17. This is a fun book.  If you love history and you have any interest in cake you should read this.  Byrn goes through the American history of baking taking one cake at a time going chronologically as they appear in history.  This includes all the ingredients and measurements used or available at the time.  We take for granted what we have access to, but most of the recipes here are written out of necessity and what was available at the time.  Byrn goes through sweeteners, add ins, such as coc [...]

    18. If I were 25 years younger, I would buy this cookbook and attempt to make most of the cakes. Is pink champagne even available any more?This beautiful, lavishly photographer book is a history of cakes in America from Colonial times until today. It also offers little fun fact to know and tell that add to Ann Byrn's book. I pulled out a few recipes to try like the Fruit Cocktail Cake and the California Orange and Olive Oil cake, however, I'm wistful there aren't enough good baking years left in my [...]

    19. a silly fairy tale from a shallow documented author just to dress some commonly found recipes with too much sugar. the theme has a good potential, yet the end result in this case is junk. on one page the author flaunts the knowledge of various european nationals emigrating to America, only to state a few pages later how the immigrants relied on english cook books. the oral tradition is excluded in a place where illiteracy was common and, as with any White power text, the natives are completely i [...]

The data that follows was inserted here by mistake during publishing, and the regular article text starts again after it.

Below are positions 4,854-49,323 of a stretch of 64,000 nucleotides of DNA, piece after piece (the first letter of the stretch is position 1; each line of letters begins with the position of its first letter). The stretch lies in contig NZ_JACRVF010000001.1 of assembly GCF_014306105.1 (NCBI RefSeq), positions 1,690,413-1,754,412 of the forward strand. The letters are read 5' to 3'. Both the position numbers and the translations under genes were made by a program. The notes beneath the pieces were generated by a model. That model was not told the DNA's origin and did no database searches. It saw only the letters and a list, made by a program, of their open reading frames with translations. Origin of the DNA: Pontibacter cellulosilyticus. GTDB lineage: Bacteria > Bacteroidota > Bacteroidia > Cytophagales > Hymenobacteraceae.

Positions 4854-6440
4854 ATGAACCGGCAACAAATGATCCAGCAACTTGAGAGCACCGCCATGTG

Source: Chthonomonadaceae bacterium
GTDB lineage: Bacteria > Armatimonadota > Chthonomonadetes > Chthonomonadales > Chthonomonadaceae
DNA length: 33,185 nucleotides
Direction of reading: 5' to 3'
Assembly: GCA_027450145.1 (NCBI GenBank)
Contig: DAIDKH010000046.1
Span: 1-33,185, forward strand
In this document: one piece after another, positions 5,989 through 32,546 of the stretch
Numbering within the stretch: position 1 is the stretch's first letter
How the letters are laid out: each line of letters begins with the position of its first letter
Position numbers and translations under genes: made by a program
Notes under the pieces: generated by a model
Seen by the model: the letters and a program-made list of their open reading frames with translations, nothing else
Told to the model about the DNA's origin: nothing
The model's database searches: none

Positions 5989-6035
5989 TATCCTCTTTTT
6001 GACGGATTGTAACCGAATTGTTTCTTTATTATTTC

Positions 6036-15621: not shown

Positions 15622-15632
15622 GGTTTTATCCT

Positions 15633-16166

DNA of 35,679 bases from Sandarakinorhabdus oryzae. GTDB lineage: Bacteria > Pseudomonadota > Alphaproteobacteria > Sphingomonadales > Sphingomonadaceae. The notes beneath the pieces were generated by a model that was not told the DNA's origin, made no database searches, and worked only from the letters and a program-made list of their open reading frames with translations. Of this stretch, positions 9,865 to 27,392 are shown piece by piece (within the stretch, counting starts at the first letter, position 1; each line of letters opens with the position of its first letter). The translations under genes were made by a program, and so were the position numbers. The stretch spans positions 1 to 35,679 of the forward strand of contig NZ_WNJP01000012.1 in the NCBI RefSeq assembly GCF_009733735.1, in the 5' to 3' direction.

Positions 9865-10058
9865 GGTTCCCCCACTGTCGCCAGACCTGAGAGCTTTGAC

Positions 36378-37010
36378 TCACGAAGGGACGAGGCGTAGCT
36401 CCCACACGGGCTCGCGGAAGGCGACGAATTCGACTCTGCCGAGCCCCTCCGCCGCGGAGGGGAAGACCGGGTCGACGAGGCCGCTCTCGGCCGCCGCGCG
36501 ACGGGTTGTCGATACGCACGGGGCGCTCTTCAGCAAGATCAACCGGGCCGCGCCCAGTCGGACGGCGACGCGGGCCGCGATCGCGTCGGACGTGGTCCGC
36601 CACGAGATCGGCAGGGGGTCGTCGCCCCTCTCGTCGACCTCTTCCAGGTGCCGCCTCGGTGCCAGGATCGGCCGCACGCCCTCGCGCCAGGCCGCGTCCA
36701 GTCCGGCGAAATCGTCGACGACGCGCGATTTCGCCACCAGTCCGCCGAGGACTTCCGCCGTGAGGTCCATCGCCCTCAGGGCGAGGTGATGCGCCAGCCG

20. Er. Mer. Gawd. This book IMMEDIATELY went into my cart. Forget the cake recipes that were simple-ish to make and well laid out. This book was just fun in its lay out and content. Compete with historical on why cakes were popular at a certain period in time and ingredients changed over time. I loved the cake popularity by US President. It was just a FUN cookbook and very creative.

    21. I don't tend to put cookbooks in my as I don't read them cover to cover. I'm including American Cake because it's the first cookbook in a while I have cooked several recipes from (with many more I would like to try), and I have loved every recipe so far! The coconut layer cake is incredible!

    22. The history is only so-so, but he cakes are AMAZING!! I made 2 before I even finished reading. And you just can't beat Byrn's folksy voice and spit-on recipe writing!! She is the best--even with no mix in sight.

    23. This is a marvelous cookbook that you can sit down and read like a regular book. It's packed full of beautiful pictures and fascinating cultural history, personal stories, and even a little chemistry. I can't wait to try out baking all these magnificent cakes!!

    24. at points she repeats things but it is a cookbook.wish there were photos to go along with the cake pans section.

    25. Thanks to the Missed in History podcast for recommending this gorgeous book. Fascinating insights into social and cultural history, and all the cakes I've made so far have turned out great!

    26. Whether or not I will be making tons of cakes out of this cookbook, the facts presented and the beautiful history of US baking was really exciting for me to learn and read. Loved this!